The Shooting Salvationist: J. Frank Norris and the Murder Trial that Captivated America

The Shooting Salvationist: J. Frank Norris and the Murder Trial that Captivated America

by David R. Stokes, Bob Schieffer
     
 

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The Shooting Salvationist chronicles what may be the most famous story you have never heard. In the 1920’s, the Reverend J. Frank Norris railed against vice and conspiracies he saw everywhere to a congregation of more than 10,000 at First Baptist Church in Fort Worth, Texas, the largest congregation in America, the first “megachurch.” NorrisSee more details below

Overview

The Shooting Salvationist chronicles what may be the most famous story you have never heard. In the 1920’s, the Reverend J. Frank Norris railed against vice and conspiracies he saw everywhere to a congregation of more than 10,000 at First Baptist Church in Fort Worth, Texas, the largest congregation in America, the first “megachurch.” Norris controlled a radio station, a tabloid newspaper and a valuable tract of land in downtown Fort Worth. Constantly at odds with the oil boomtown’s civic leaders, he aggressively defended his activism, observing, “John the Baptist was into politics.”
 
Following the death of William Jennings Bryan, Norris was a national figure poised to become the leading fundamentalist in America. This changed, however, in a moment of violence one sweltering Saturday in July when he shot and killed an unarmed man in his church office. Norris was indicted for murder and, if convicted, would be executed in the state of Texas’ electric chair.
 
At a time when newspaper wire services and national retailers were unifying American popular culture as never before, Norris’ murder trial was front page news from coast to coast.  Set during the Jazz Age, when Prohibition was the law of the land, The Shooting Salvationist leads to a courtroom drama pitting some of the most powerful lawyers of the era against each other with the life of a wildly popular, and equally loathed, religious leader hanging in the balance.
 
www.theshootingsalvationist.com


From the Hardcover edition.

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Editorial Reviews

Publishers Weekly
A leading fundamentalist figure in America in the 1920s, J. Frank Norris preached to an audience of nearly 6,000 in his First Baptist Church in Fort Worth, Tex. But his evangelical empire began to crumble when he shot a man and was tried for murder, a saga that minister and broadcaster Stokes unevenly cobbles together with a patchy history of the fundamentalist movement in the early 20th century. Positioning himself as the heir apparent to populist politician William Jennings Bryan, Norris favored showmanship and aggressively championed his causes, from alleging a Catholic conspiracy to a county wide ban on liquor. He was soon one of the most visible—and polarizing—public figures in Fort Worth and had no qualms about butting heads with city officials. He became even more infamous on July 17, 1926, when he shot D.E. Chipps three times in his church office. The ensuing murder trial—Norris claimed self-defense (though unarmed, Chipps had threatened to kill Norris)—became a media circus, with Norris's eventual acquittal. But Stokes leaves the roots and consequences of religious zealotry as well as the questions posed by the intersection of law and religion largely unexplored. 16 pages of illus. (July)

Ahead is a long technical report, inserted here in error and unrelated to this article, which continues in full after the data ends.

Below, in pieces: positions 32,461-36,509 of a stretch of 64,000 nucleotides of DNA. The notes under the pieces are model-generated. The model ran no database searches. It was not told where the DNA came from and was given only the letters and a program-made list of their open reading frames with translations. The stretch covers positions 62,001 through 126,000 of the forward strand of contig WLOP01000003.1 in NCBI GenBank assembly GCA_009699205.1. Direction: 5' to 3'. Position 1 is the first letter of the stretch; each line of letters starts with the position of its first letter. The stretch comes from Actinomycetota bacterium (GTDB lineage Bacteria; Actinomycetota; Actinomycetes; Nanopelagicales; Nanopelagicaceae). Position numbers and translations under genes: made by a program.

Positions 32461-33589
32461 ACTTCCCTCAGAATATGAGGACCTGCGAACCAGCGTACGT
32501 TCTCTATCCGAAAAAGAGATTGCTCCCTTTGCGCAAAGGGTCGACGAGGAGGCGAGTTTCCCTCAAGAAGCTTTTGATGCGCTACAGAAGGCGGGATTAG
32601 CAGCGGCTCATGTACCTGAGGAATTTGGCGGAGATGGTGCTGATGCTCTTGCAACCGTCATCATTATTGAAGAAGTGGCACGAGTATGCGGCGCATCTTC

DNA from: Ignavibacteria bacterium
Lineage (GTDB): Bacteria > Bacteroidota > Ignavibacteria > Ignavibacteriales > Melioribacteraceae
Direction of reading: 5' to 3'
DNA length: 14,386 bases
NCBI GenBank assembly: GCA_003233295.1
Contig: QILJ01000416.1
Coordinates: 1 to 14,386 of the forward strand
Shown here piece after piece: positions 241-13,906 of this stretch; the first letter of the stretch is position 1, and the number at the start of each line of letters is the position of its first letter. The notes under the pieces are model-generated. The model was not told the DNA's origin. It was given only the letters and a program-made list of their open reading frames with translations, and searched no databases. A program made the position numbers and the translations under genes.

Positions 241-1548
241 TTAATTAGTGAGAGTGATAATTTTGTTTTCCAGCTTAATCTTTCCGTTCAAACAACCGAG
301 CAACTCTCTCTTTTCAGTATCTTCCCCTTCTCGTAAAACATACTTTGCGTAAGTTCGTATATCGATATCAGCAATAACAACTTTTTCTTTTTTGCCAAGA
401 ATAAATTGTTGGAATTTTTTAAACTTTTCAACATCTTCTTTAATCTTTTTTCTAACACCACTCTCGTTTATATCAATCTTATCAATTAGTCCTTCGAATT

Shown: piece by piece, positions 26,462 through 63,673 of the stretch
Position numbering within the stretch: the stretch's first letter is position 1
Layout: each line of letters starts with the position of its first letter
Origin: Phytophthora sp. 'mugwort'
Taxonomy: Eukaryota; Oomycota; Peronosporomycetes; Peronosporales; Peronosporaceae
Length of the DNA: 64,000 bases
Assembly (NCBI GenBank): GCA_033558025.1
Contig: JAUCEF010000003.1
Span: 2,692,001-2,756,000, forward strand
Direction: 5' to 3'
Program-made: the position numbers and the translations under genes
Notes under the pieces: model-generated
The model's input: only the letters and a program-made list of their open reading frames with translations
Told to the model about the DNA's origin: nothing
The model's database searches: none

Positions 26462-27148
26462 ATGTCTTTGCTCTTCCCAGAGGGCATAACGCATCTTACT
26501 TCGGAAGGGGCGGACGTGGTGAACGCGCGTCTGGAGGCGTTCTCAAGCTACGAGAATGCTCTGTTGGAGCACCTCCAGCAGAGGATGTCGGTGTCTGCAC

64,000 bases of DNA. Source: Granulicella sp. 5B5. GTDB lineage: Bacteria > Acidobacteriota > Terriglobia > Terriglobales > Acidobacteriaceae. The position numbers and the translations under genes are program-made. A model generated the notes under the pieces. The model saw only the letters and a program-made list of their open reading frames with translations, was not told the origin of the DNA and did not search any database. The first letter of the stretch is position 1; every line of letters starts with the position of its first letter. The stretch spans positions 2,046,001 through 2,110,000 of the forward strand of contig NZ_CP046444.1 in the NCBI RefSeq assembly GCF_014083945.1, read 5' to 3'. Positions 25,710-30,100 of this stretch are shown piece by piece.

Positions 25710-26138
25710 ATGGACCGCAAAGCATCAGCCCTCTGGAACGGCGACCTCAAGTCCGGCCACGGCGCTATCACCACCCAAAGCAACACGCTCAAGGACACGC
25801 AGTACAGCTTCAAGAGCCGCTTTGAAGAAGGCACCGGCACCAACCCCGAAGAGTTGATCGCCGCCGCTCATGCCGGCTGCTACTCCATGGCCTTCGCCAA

From the Publisher
A National True Crime Bestseller

"At a moment ripe for a new kind of media-savvy preacher, in a place where parsons wielded guns as confidently as they toted their Bibles, radio minister and mega-church pastor J. Frank Norris emerged as the archetype of his day. In his riveting tale of Norris’s 1927 trial for murder, David Stokes explains just how it is that this “Texas Tornado” became such a star…and lightening rod for controversy. Through rich and compelling narrative, a sharp eye for the quirky as well as the profound, rigorous research, and a commanding sense of the big picture, Stokes offers his reader a rare, exhilarating look at this notorious individual. In the process, he opens up fresh ways of understanding the local culture that vaulted Norris and his Texas-style fundamentalism onto a national stage."  - Darren Dochuk, author of From Bible Belt to Sunbelt: Plain-folk Religion, Grassroots Politics, and the Rise of Evangelical Conservatism

"This excellent book chronicles [a] court case that captivated the nation  - even if it's barely remembered today  - and makes its central player, Norris, as compelling and multilayered as any character from fiction. . . . The book is engagingly written, in an immediate, you-are-there style, and the story is as compelling and surprising as any Grisham thriller. Top of the line." - Booklist (starred review)

“Readers will enjoy this oversize tale—a snapshot of a fascinating time in American and Texas history—that reads like fiction. It will appeal to those interested in true crime, the history of fundamentalism, and the early days of Texas” – Library Journal

J. Frank Norris was the pastor of a “mega-church” before the name itself existed. He was famous, and to many he was a righteous and inspiring hero.  By others, however, he was thoroughly hated. His endless crusades frustrated both businessman and politicians in Fort Worth, TX.  Norris was also a publicity hound who was brash and abrasive.  His enemies knew that he was a formidable foe.  On July 17, 1926, Norris shot and killed an unarmed man in the church office.  David Stokes's The Shooting Salvationist offers the complete story of  the shooting, the criminal trial, and their aftermath  Eighty-five years ago, this event captured the attention of the entire nation.  Modern readers will likewise be enthralled by David Stokes's skillful presentation of this shocking crime.  The story is simply incredible, yet every word is true.  And you won't put this book down until reach the end!  — Chris Rose, Andover Bookstore